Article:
My understanding is that banks now have to do this as part of their anti money laundering checks. If your salary is, for example, 20k and there’s 100s of thousands going through your account then that’s a red flag.
I don’t know that for sure and can’t look it up right now, but that’s what I thought I knew at least.
I agree that recognizing fraud is important, and if this actually a requirement for money laundering regulations I will answer the questions. But the messaging they gave from the outset made me think they were using regulations as a cover to target customers for specific offers of “high-touch support” type services (which really is marketing).
I’m not sure the wording that Monzo uses is particularly helpful, to be honest. It does make me think “how will this affect the support I’ll get?” and “is Monzo tiering support by income level? If so, how?”
A simple “we’re required to ask these questions of our customers” might be simpler.
Yeah, the new banks are surprisingly terrible at this. I don’t know if they think the truth will put people off and close their account, but every single one of them is coy about it. This is either a half truth at best or an outright lie at worst, and I’m not comfortable with either.
If you probe them because you don’t buy it, they’ll tell you the real reason. But you shouldn’t have to.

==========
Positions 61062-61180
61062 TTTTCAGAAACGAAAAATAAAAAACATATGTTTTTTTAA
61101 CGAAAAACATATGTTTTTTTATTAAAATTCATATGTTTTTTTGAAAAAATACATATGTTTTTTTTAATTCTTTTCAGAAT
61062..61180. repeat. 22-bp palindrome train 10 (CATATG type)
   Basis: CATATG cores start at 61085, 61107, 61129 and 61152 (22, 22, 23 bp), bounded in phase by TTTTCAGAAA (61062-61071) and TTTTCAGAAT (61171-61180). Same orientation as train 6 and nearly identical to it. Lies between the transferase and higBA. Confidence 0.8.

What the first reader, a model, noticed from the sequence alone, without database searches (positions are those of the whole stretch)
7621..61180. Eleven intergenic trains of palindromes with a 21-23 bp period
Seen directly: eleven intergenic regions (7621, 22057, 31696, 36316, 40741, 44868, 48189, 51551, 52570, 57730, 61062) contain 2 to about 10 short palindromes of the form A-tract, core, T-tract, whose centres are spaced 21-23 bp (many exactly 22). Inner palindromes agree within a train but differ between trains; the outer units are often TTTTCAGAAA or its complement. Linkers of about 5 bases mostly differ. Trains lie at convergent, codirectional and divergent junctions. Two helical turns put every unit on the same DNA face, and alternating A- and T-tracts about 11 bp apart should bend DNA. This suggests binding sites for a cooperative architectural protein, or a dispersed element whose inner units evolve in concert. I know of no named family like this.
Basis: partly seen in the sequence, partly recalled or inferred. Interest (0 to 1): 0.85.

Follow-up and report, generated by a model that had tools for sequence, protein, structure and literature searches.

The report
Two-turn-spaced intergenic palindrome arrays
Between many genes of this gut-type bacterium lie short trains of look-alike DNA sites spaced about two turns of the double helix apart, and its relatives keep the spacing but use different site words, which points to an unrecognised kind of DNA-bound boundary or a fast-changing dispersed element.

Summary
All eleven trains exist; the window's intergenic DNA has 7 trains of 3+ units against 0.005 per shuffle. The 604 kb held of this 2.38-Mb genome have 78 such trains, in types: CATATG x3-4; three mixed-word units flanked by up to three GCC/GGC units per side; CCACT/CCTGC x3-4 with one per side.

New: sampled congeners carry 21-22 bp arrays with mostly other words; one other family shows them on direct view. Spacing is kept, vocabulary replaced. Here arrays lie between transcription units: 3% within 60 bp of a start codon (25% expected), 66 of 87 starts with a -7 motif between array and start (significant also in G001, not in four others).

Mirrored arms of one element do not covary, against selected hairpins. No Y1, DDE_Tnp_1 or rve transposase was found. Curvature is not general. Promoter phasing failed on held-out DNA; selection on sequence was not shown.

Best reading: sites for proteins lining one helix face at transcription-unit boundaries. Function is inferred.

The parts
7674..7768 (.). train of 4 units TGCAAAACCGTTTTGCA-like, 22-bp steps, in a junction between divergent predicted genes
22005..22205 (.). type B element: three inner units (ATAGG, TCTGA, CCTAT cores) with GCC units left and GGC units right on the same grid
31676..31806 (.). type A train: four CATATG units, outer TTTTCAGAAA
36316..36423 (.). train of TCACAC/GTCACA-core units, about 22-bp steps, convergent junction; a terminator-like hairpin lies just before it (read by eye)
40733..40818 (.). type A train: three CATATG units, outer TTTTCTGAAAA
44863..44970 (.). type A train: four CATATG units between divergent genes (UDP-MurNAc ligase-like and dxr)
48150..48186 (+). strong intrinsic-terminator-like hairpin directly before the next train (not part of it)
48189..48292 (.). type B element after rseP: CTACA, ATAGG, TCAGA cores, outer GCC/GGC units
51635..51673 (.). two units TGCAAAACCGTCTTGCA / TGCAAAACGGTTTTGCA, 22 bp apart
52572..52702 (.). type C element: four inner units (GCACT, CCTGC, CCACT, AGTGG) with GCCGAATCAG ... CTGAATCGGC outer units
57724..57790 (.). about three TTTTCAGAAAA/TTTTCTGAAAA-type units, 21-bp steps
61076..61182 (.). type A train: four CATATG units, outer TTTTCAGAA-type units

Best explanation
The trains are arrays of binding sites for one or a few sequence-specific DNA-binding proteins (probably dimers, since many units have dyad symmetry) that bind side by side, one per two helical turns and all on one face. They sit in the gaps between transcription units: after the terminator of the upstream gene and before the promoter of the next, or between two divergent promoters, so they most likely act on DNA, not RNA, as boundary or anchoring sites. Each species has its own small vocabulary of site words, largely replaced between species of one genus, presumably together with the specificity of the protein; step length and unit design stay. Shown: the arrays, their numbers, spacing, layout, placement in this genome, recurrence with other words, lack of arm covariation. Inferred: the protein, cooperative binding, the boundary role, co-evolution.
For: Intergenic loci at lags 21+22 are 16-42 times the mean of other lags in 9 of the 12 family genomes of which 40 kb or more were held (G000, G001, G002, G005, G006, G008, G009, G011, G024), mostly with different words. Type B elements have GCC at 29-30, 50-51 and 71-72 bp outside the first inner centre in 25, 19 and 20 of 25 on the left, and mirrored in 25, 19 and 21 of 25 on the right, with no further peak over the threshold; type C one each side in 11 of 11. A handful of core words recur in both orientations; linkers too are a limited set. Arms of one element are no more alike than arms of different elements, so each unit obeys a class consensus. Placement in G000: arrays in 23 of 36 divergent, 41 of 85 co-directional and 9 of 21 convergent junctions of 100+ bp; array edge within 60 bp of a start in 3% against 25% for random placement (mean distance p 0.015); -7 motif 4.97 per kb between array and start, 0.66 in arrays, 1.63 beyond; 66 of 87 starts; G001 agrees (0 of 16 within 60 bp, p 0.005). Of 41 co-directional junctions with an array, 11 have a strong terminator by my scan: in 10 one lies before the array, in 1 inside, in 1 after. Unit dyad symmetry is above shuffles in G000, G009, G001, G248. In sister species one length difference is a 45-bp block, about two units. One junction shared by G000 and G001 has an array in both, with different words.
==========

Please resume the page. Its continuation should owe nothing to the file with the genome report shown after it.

If they asked me for this and stated that reason it would have me all too. Regulated or not, I don’t trust the statement, it sounds shady, and the fact they come over email screams SCAM!
I’ve said it before a few times, but I genuinely believe a good chunk of the Monzo closed my account folks who are adamant of no wrong doing will have been caught out by this AML stuff. You only get an email. Nothing in app. It’s easily missed, and if you do catch it, it reeks of a potential scam on first glance.
They didn’t used to tell you what would happen if you didn’t comply either. It used to be they asked for it, set a deadline, would log the non answer and put you on two months notice that they’re closing your account, with zero communication outside of email.
This is explicitly outlawed under data protection laws. Monzo categorically aren’t doing this. Neither is any reputable business. If you tell any organisation you don’t want marketing, they must not send it to you.
I think you see this trend, of “bad copy” of technical stuff quite a lot.
A lot of places do it - banks, brands*, otherwise, in that they need to make sure things match their “tone of voice” or they can’t say it.
And like here things have been copywritten to a point where it causes more confusion than a plain English technical statement would.
I get the need for an “escalation” in the message in this case (hey you haven’t answered yet, there’s a reason where asking!) but the wording just comes across as… frankly naff.
I think a totally fair flag - hope they improve the wording for clarity.
*as an example, I used to write technical/legal info for food packaging. I once had an allergen statement of “made in a factory that also handles nuts”, turned into “because of how we make it, it might contain nuts”.
In that scenario it wouldn’t be an issue - but @Peter_G said ‘going through your account’ not just having lots of money in the account.
Some horrible replies to the OP on here. They are right - the statement given doesn’t make sense. For a bank that (used to) pride itself on transparency and speaking in plain English, the text is very poorly written. That doesn’t change the fact that they have to do it.